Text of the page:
Fuel costs are going to vary also depending on the type/size of RV you have, the type of fuel it takes, and whether you’re towing something. We have a 38-foot Class A gas motorhome with a Ford V-10 engine and tow a two-door Jeep Wrangler. It’s not fuel efficient, to say the least. We manage to average about 6 miles per gallon over our first three years of traveling around the country. Of course, fuel costs themselves vary around the country too so depending on where you go you will spend more or less.

RV Service/Repair/Maintenance costs are another item that depends on the type of RV you have. Do you have a motorhome or a trailer? Is it new or used? Newer models will have less work in the early years. This is where we are since we purchased a new 2019 motorhome. We don’t know what our numbers will be down the road yet since our motorhome is still fairly new. But with proper servicing and maintenance hopefully, our costs will be kept reasonable. If you have an older model motorhome or trailer we’re sure the numbers could be all over the board for repair/maintenance costs.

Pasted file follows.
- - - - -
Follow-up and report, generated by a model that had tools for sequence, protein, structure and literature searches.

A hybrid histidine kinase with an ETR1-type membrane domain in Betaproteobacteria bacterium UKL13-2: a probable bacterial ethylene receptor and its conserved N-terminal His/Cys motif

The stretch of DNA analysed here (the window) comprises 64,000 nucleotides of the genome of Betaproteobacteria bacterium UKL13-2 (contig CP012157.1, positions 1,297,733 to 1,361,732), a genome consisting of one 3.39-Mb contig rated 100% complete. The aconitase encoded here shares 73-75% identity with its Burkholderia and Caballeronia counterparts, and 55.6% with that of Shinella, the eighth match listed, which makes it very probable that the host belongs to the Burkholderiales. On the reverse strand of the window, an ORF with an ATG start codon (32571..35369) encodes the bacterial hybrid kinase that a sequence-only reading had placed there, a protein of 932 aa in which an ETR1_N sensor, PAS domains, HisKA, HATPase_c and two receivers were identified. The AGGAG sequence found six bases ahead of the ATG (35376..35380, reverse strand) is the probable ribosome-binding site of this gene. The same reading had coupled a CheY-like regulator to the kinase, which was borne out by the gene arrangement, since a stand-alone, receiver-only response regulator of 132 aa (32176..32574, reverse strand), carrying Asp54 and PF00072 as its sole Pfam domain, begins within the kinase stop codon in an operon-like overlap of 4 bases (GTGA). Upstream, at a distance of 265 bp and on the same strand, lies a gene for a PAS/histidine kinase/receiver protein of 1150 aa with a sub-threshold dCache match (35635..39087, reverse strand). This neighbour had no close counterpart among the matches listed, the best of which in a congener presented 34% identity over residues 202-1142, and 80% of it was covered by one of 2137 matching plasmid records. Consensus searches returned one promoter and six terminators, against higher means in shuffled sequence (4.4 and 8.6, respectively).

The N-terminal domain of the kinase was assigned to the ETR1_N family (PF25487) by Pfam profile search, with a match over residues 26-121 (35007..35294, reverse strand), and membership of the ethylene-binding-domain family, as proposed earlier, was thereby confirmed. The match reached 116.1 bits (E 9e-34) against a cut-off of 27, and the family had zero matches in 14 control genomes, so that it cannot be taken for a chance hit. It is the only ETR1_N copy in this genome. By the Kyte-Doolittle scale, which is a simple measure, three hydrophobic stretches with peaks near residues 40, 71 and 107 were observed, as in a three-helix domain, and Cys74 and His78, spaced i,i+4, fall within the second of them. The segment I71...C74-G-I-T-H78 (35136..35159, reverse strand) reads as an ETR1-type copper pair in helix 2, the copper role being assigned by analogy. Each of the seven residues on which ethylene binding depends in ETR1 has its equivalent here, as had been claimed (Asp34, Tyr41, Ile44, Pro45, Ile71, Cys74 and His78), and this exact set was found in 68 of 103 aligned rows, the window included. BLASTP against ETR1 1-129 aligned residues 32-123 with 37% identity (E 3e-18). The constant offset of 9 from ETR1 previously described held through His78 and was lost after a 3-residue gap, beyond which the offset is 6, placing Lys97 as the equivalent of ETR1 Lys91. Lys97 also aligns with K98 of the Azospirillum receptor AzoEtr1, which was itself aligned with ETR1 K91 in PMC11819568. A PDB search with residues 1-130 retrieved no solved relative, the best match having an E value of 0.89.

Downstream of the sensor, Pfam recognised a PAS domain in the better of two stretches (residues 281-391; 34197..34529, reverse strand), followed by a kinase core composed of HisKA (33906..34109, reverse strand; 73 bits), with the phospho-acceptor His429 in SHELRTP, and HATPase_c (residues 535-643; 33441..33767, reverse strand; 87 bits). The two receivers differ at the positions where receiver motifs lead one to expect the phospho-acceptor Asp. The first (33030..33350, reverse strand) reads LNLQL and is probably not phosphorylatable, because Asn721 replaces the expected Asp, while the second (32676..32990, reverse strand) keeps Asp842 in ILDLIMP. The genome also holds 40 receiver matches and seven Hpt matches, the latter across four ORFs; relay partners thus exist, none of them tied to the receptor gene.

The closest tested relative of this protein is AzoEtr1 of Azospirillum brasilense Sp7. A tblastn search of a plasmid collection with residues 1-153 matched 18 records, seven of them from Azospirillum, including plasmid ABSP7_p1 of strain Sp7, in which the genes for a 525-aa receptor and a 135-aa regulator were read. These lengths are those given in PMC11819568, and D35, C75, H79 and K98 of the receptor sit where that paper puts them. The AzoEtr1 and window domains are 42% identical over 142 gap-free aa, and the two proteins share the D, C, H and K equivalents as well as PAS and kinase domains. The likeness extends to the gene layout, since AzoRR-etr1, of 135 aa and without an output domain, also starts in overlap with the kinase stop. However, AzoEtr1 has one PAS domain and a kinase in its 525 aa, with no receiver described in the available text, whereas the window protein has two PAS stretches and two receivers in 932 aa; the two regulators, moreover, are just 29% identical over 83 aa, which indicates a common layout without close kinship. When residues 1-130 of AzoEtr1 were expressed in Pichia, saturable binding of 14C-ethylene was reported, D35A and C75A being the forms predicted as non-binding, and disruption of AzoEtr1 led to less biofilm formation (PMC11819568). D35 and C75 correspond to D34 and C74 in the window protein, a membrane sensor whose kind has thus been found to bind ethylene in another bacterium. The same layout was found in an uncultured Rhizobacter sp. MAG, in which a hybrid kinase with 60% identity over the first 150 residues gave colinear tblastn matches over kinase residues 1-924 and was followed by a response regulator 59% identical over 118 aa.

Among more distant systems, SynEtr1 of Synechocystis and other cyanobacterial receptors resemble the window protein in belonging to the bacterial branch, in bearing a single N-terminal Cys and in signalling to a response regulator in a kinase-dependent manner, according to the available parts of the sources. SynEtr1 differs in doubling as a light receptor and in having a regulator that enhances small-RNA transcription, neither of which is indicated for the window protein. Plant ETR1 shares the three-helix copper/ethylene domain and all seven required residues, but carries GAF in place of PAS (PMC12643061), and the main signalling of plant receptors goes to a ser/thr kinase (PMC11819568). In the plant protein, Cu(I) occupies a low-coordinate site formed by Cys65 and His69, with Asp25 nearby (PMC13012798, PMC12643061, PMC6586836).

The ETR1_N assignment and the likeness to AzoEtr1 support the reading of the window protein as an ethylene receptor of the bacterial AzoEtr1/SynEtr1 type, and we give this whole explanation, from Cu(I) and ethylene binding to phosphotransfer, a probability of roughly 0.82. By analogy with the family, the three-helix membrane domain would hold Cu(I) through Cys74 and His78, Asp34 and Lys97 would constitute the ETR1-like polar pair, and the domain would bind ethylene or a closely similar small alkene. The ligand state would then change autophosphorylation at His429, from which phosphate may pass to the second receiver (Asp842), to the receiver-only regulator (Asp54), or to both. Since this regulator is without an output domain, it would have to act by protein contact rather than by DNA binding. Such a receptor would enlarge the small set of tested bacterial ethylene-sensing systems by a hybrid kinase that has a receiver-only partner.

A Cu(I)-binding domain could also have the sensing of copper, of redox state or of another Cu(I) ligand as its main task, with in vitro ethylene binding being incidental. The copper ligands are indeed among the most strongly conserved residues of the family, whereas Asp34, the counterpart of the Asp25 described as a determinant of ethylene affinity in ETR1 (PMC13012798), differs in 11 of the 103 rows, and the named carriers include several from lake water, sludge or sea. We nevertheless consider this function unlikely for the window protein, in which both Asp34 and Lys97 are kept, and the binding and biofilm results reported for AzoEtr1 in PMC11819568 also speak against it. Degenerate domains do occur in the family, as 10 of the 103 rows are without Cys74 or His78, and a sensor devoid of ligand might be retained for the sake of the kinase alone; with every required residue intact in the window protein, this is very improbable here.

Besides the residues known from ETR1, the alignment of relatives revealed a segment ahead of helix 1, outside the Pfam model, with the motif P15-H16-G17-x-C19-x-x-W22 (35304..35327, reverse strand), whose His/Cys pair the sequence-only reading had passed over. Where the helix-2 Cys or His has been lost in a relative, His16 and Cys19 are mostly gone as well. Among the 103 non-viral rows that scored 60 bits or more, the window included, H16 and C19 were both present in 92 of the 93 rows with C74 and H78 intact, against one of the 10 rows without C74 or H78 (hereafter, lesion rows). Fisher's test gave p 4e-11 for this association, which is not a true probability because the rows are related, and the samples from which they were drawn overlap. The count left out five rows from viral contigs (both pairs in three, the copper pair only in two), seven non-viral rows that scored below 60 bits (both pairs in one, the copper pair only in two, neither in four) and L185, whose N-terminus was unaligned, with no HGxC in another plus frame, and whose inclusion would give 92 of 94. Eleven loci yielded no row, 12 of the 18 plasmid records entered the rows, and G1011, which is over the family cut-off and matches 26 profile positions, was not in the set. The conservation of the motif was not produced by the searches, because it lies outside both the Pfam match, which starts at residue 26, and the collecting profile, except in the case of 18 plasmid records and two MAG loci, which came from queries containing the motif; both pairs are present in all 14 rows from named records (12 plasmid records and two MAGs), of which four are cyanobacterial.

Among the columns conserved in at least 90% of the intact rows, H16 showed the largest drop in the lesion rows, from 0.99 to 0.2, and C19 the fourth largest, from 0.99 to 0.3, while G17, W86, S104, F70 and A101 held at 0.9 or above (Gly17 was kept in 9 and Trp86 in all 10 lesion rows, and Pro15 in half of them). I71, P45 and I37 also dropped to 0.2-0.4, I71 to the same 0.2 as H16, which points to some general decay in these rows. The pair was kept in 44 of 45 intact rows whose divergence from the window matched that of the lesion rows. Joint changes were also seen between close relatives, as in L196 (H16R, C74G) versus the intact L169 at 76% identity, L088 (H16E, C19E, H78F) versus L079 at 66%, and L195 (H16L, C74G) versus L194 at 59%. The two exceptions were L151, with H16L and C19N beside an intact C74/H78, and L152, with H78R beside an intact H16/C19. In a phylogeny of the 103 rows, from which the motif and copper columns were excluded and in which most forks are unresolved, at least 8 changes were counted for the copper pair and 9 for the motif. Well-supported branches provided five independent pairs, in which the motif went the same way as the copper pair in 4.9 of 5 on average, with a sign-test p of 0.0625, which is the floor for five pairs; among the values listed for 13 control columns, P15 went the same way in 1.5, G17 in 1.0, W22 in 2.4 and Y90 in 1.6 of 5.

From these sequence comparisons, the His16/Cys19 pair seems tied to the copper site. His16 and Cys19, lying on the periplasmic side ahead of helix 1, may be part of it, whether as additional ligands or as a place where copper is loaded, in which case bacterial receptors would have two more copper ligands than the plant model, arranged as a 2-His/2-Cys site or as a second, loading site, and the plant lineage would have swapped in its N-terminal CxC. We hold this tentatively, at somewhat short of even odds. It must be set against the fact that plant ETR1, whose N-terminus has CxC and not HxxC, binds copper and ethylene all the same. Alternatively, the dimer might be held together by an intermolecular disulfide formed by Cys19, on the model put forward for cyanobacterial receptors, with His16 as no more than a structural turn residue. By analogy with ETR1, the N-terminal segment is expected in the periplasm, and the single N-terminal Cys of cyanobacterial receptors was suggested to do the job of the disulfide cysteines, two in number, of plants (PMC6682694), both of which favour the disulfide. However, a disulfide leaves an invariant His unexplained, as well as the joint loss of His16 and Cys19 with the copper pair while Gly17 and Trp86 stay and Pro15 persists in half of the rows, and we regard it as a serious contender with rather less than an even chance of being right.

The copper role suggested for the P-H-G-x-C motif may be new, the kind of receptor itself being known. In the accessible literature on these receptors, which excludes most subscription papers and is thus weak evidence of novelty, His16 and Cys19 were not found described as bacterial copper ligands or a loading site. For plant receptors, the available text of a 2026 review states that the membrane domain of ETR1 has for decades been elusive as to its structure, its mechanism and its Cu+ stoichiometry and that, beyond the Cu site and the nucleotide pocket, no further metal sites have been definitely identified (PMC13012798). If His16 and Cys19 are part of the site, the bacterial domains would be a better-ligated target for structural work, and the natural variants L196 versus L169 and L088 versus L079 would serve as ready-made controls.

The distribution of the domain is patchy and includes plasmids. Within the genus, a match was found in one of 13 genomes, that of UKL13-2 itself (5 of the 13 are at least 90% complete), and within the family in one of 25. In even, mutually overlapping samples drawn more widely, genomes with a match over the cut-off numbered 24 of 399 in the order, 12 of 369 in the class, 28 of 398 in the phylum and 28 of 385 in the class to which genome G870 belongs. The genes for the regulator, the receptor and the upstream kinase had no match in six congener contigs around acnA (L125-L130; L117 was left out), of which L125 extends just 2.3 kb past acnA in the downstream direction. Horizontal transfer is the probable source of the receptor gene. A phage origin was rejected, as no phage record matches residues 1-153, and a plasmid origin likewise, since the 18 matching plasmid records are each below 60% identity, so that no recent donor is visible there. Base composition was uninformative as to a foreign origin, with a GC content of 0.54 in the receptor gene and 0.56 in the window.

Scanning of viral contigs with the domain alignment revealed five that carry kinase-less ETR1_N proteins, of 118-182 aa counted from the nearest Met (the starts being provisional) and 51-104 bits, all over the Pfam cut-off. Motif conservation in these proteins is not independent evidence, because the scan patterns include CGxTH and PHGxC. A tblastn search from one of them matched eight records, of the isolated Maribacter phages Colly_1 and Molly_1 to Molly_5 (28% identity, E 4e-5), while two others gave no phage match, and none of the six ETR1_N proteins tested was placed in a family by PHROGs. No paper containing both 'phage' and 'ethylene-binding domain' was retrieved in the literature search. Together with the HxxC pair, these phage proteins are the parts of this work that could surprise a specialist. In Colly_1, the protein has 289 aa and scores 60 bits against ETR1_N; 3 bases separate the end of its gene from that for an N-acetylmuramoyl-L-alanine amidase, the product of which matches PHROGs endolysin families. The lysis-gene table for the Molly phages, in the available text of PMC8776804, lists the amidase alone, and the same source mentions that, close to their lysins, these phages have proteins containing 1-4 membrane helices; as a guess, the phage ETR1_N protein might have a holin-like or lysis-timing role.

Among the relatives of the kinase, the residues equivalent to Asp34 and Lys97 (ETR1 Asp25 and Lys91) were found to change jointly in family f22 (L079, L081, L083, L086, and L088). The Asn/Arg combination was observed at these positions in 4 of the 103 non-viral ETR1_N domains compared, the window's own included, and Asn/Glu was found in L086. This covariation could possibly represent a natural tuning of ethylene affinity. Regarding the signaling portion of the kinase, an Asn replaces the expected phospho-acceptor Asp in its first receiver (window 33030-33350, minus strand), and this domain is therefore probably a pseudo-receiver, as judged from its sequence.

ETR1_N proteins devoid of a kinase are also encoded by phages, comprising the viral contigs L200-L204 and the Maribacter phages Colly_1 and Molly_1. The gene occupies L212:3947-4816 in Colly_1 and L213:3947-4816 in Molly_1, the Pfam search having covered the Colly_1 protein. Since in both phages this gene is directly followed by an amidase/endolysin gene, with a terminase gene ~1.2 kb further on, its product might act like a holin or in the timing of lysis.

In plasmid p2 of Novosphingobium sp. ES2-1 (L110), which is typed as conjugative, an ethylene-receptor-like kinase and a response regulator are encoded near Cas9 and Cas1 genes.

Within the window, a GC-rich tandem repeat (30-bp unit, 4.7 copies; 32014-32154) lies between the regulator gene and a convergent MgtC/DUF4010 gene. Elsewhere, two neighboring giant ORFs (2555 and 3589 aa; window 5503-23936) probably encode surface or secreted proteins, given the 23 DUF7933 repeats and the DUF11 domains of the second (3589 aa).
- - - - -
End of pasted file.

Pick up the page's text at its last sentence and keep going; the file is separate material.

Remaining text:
Food costs are going to vary depending on the types of foods you eat, if you eat at home or go out, and where you buy your groceries. You’ll definitely spend more eating out a lot or buying your groceries at Whole Foods vs Walmart. We will not cover our food costs in this article since there are too many variables to be useful to others. Just know your expenses will remain about the same as they are if you continue to eat in the same way you do now.

Entertainment costs are so variable we will not cover them here. We like a variety of entertainment options and some months will spend quite a bit of money on them, other months we won’t spend anything if we’re hiking, kayaking, or sightseeing.

Our Actual Expenses

March 30, 2020, was our one-year anniversary of Full-Time RVing. It was an exciting year and some things are just a blur. Traveling through 33 states over 12 months will do that. Like others before us, we hit the road hard during our first year. We plan on slowing down more this year… The pandemic is certainly helping with that for us now.